Sunday, 17 July 2011
José - London
My relationship with Spain, (or ‘España’ as us people more au fait with it’s ways like to call it, I mean – look, I’ve even used a frigging wiggly accent mark) has matured as I’ve grown older, especially my relationship with it’s food.
As a young man, oft visiting Spain on holiday, I was indifferent to their fine culinary culture and traditions. Dining? Well when I wasn’t seated in a plastic stackable chair in a beachfront café scoffing knock off versions of British dishes, with the obligatory mound of chips and bemoaning the lack of ‘decent sausages and bacon’, I could probably be found in a McDonalds, contentedly tucking into a ‘taste of home’ in a completely non-ironic fashion. I was the epitome of a Philistine and looking back I’m almost embarrassed at how unsophisticated I was in my tastes.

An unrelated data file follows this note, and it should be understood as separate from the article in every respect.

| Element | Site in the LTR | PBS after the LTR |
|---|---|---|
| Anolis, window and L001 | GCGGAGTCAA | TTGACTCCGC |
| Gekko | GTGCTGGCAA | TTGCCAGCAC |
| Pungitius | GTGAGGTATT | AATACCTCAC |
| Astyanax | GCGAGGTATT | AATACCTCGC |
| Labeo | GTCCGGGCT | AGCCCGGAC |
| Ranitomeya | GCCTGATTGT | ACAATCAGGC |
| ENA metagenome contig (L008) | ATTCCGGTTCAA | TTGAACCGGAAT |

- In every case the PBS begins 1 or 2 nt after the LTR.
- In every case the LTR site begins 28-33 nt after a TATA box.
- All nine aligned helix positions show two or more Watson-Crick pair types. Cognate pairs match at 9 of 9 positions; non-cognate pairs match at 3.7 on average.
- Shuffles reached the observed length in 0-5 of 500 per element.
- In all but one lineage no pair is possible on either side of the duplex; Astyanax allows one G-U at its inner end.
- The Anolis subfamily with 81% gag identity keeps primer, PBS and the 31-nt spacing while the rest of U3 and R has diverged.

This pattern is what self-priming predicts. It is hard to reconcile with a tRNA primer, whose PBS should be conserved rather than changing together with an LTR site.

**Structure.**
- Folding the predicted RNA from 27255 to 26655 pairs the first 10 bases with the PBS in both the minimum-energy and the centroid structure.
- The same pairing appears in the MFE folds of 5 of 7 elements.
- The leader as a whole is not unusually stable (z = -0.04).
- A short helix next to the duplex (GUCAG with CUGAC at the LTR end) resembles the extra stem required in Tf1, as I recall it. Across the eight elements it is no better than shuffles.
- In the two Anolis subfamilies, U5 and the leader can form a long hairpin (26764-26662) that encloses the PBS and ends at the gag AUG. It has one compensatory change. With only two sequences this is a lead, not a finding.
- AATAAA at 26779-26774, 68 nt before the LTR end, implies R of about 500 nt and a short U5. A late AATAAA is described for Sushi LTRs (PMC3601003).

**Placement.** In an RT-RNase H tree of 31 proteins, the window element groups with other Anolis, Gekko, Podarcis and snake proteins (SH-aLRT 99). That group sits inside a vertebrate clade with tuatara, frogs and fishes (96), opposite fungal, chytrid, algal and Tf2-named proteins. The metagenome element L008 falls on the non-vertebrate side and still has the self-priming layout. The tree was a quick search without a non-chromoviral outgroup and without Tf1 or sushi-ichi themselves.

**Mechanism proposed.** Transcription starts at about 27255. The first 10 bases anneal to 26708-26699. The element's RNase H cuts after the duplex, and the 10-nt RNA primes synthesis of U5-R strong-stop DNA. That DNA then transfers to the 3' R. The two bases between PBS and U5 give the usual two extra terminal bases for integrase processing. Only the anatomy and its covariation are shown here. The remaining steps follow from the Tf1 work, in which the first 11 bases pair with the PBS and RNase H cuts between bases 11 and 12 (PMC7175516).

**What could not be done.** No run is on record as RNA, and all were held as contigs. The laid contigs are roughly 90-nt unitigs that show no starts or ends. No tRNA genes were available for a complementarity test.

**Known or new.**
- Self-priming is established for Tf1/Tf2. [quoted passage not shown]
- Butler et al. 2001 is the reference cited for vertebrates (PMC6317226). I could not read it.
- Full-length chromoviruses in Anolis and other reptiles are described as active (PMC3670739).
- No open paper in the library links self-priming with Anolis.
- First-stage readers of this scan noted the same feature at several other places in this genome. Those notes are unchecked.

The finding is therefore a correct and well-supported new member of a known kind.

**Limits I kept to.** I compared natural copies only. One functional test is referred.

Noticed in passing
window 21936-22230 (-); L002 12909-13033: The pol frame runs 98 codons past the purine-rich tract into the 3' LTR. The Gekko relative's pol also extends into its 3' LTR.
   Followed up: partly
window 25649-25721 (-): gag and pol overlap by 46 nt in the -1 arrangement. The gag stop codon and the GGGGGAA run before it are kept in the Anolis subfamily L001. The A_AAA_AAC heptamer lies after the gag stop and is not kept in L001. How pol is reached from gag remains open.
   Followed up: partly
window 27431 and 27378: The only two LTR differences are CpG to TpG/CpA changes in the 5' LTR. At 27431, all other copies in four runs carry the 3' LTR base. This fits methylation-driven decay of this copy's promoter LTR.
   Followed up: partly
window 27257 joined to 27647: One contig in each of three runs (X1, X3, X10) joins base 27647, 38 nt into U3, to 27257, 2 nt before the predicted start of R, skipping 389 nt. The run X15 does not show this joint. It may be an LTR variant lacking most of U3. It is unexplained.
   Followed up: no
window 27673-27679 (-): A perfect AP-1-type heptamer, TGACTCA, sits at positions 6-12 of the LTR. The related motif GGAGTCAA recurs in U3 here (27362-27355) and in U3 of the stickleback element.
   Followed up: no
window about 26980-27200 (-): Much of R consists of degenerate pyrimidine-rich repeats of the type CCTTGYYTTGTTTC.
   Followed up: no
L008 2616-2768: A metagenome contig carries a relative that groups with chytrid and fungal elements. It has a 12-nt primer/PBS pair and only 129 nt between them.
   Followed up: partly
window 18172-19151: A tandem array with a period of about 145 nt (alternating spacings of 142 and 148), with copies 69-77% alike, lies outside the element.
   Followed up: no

Fast forward 20 odd years, and I stand before you a sophisticated gastronome. A seasoned culinary traveller. Some might say handsome and rugged and I have often been accused of being sensitive and perhaps far too intelligent and impossibly beautiful. It’s a cross I have to bear. But the point is, nowadays I’d no sooner eat pseudo British food abroad than casually take a bite out of my own hand and wash it down with a swig of warm fruity, vintage urine. (I think you’ll all agree, the age is important).
All of which leads me to new Bermondsey Spanish tapas bar José (well not all, ignore the tucking into hands and the imbibing of piss bit, you silly).
It’s good, bloody good in fact. Which isn’t entirely surprising as José Pizzaro, ex head chef of the cracking Tapas Brindisa and extremely nice bloke, is running the show.